The Evolution of a Master Printer
Figure Aesthetic on display at Wingspan Gallery
By Mark Heidinger

“To be a good role model (as a teacher), you can’t just repeat yourself. You must remain vulnerable,
accept the uncontrollable, and remain a student,” says Ross Zirkle. Pictured is “The Red Blanket.”

One of Kentucky's truly gifted artists, Ross Zirkle, Assistant Professor of Drawing and Printmaking at UK, holds the distinct honor of being one of only sixty artists in the world with the title Tamarind Master Printer-and he lives in Lexington. Zirkle landed in the Bluegrass four years ago after receiving the prestigious Master Printer title from Tamarind, a once-independent printmaking program now affiliated with the University of New Mexico in Albuquerque. As 2001's first Gallery Hop approaches, art connoisseurs won't want to miss Figure Aesthetic, Zirkle's latest exhibit of drawings, paintings, and waterless lithographs, at Wingspan Gallery.

Tucked neatly on the corner of Jefferson and Second Street (across from Ace Weekly), Wingspan Gallery opened its doors to the public in September of 2000. Local artist and owner Carlton Wing acquired the building some fifteen months ago transforming the old haven once known as the Fishnet into one of the area's most comfortable, unique gallery spaces. If Wingspan feels less like a gallery and more like someone's living quarters, then you've experienced Wingspan the way Carlton intended. Upon entering, the cozy qualities of this gem of a gallery are immediately apparent.

While regarded as one of the world's Master Printers, Zirkle's accomplishments and artistic abilities haven't gone to his head. A soft-spoken, sincere person, Zirkle describes his artistic endeavors as the spiritual, creative process of accessing the unknowable and uncontrollable. He states, "The mystery inherent in lithography allows for surprises. No formula exists in inventing media. Taking risks remains the adventure." In reference to his current occupation as a professor, Zirkle provides refreshing insight quipping, "To be a good role model (as a teacher), you can't just repeat yourself. You must remain vulnerable, accept the uncontrollable, and remain a student," thereby encouraging other students to take chances as artists. Indeed.

While Zirkle's prints employ waterless lithography, a technique barely ten years old, the quality of the work is timeless. Prints like "Wind Form" and "The Swing" present the human figure in thought provoking poses extending beyond the boundaries of representational art via frantic lines and calming abstractions. In true metaphorical fashion, Zirkle's prints suggest a spiritual connection between the artist and his subject matter, as well as the actual process. However, the connection doesn't stop there. Zirkle explains, "Part of being an artist is letting people know who you are. Masking our identities is a part of life. Letting go and exposing the self is the journey of the artist." In exposing the self, Zirkle reveals both his own vulnerabilities as well as his subject matter. Largely taken from the Open Drawing Studio sessions offered at UK, Zirkle's subject matter, and his subsequent representation of the models, often evoke spiritual and tangible connections between the figure and the environment. In prints like "August I" and "August II," Zirkle presents the figure interacting with the environment and nature allowing the evolving figure to summon her surroundings. By allowing the work to develop in mid-process, the outcome takes on an intimate, wholly unique identity.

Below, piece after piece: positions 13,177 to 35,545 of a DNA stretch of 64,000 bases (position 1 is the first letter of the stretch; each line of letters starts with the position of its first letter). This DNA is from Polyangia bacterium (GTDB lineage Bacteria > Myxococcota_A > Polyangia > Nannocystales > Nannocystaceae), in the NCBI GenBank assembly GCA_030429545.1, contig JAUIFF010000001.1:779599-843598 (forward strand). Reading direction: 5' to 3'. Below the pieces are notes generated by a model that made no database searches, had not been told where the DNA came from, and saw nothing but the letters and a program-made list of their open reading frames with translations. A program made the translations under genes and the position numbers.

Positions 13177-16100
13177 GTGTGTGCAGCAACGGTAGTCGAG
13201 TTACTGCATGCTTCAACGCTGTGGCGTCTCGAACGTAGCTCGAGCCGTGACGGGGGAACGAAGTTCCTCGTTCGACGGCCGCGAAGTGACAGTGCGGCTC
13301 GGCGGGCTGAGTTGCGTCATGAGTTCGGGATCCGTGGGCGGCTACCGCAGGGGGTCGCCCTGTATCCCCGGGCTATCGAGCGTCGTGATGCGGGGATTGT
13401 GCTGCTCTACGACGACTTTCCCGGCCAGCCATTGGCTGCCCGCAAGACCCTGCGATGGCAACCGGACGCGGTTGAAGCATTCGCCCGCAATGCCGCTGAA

Throughout all of the pieces in Figure Aesthetic, the one constant remains the subject matter's ability to communicate with the environment, the artist, and the viewer. Zirkle adds, "Art touches upon all facets of the self-light and dark. The dark is more interesting. We submerge those realities and ideas because we don't want to dwell on the uncomfortable. But the dark elements connect us with humanity." It is this spiritual connection with humanity that allows the pieces in Figure Aesthetic to compliment each other communicating with a common voice, though each with varying timbre.

Figure Aesthetic opens Friday, February 16 and runs through March 18. Wingspan Gallery is located at 191 Jefferson Street, Lexington, KY and will be open Friday the 16th from 5:00 to 9:00 pm. Regular gallery hours are Wednesday, Friday, and Sunday 1:00 to 5:00 pm or by appointment at 252.7000.